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Dean’s Cup keeps students engaged over break

January 27, 2021

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Austen King (left), Antonio Lansang, Tarek Abdelmotaleb, and Stuart Kershaw (not pictured) are winners in the first Dean’s Cup.

Four students in DSU’s Beacom College of Computer and Cyber Sciences have been named winners in the newly instituted Dean’s Cup competition.

The Hack-o-Vation, as it was called,  was a way to keep students engaged over the winter break, said Dr. Pat Engebretson, dean of The Beacom College. The challenge was open to all Beacom College students, both on campus and online.

“My thought was to give students a platform to explore or create something related to their degree program,” Engebretson said.

There were no limitations or restrictions on what a student could submit as long as it was related to their major or minor, he stated, so ideas could be technical, non-technical, a computer game, a model, or a process. “It was up to the students’ imaginations,” he said. Beacom faculty judged the projects on originality, creativity, and problem-solving potential.

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Beacom College of Computer and Cyber Sciences Dean's Cup.

Winners were:

  • 1st Place: Tarek Abdelmotaleb, cyber operations major from Egypt – the Dean’s Cup & $500
  • 2nd Place: Austen King, cyber operations major from Volga, S.D. -  $250
  • 3rd Place: Stuart Kershaw, cyber operations major from Portland, Oregon - $150
  • 4th Place: Antonio Lansang, cyber operations/network security and administration major from Brookings, S.D. - $50 Amazon Gift Card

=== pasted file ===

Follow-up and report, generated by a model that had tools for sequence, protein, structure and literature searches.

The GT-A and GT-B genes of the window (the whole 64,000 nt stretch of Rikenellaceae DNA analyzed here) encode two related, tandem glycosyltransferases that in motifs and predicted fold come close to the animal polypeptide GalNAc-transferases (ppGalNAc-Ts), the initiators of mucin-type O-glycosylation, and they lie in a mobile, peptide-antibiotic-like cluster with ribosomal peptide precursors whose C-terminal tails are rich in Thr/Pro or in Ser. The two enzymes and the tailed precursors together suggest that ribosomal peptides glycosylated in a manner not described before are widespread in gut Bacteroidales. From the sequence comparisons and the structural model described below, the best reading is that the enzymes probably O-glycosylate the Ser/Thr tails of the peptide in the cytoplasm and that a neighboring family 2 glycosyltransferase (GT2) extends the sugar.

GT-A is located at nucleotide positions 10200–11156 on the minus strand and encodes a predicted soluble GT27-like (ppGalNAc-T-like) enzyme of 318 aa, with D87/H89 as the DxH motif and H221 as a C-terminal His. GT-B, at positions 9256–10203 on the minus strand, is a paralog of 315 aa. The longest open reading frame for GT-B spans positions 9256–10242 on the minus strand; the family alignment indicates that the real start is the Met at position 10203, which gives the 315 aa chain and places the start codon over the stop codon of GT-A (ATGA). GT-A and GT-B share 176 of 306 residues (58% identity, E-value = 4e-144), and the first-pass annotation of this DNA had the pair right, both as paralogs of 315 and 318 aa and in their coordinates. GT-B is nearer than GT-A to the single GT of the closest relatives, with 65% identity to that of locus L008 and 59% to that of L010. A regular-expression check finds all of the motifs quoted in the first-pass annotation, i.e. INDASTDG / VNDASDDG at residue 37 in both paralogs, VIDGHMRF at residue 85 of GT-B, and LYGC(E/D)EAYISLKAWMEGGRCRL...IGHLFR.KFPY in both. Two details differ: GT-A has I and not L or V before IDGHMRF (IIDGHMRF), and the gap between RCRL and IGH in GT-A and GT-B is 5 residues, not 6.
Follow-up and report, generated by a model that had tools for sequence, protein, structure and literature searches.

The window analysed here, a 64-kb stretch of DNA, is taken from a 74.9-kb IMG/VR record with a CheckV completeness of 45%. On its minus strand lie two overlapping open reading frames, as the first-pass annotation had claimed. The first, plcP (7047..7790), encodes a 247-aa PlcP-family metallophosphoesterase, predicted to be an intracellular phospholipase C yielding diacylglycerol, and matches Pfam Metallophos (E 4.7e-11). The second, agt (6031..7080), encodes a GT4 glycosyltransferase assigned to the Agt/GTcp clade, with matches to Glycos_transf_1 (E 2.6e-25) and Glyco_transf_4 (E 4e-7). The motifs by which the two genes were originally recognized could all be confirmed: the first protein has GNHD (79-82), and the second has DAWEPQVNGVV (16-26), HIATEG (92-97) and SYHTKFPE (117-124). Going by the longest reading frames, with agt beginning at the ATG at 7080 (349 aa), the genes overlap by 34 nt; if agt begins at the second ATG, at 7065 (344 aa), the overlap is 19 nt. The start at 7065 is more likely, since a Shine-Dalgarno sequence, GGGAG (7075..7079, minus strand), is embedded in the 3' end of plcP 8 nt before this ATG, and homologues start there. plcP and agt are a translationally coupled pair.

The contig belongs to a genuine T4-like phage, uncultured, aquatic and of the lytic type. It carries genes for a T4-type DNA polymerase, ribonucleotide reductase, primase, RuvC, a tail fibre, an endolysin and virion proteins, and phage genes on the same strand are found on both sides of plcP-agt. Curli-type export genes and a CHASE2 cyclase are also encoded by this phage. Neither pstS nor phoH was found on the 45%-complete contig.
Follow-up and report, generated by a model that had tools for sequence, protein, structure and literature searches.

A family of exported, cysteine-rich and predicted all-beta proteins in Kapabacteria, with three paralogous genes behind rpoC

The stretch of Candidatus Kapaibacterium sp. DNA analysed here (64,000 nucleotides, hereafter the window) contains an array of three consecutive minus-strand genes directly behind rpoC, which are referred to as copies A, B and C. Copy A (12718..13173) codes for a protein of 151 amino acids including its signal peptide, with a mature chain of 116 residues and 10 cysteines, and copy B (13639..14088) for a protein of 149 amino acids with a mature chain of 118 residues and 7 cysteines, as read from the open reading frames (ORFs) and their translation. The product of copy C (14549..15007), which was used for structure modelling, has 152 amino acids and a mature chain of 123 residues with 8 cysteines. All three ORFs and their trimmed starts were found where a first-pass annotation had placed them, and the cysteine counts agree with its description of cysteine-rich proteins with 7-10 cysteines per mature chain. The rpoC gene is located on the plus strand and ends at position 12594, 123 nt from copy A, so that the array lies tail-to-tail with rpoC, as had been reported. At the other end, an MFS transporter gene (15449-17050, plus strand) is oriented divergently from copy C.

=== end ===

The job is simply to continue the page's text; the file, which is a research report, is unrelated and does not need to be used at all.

The students agreed the competition was a good motivator, and were happy the college sponsored the competition.

Abdelmotaleb’s project focused on locating a cell phone using Wi-Fi and geolocation with data coming from the device. This was an idea he had wanted to work on, but had no time for. “Since it was the end of the semester, it worked,” he said.

King’s project topic was spontaneous. Looking at some open source electronics platform kits he’d received as gifts, he was inspired to make an Internet-of-Things doorknob device to control access through a phone.  “The goal is to have a device that will allow locking or access control without having to replace an entire doorknob,” he said. King’s prototype was built from cardboard, but he hopes to use DSU’s 3-D printers to create a new version.

Kershaw’s project was an extension of a class project involving port scanning. (A port scanner application probes a server or host for open ports.)  “I wanted to build a port scanning application with a web-based User Interface (UI) and to learn more about port scanning (at a high level), and get some practice initiating scans from a web UI.”

Lansang’s project continued work he had done on defensive network tools during an internship with MITRE.  These tools can be expensive, creating conflicts over budget with information security management and cyber operations/IT departments. “I wanted to create a software that was affordable, that business of all sizes can use,” he said.

Even if project ideas don’t develop into marketable ideas, it’s about passion, Lansang said.

“It’s all about knowledge, and what you get from doing this,” Abdelmotaleb stated, “and looks good on a résumé.”

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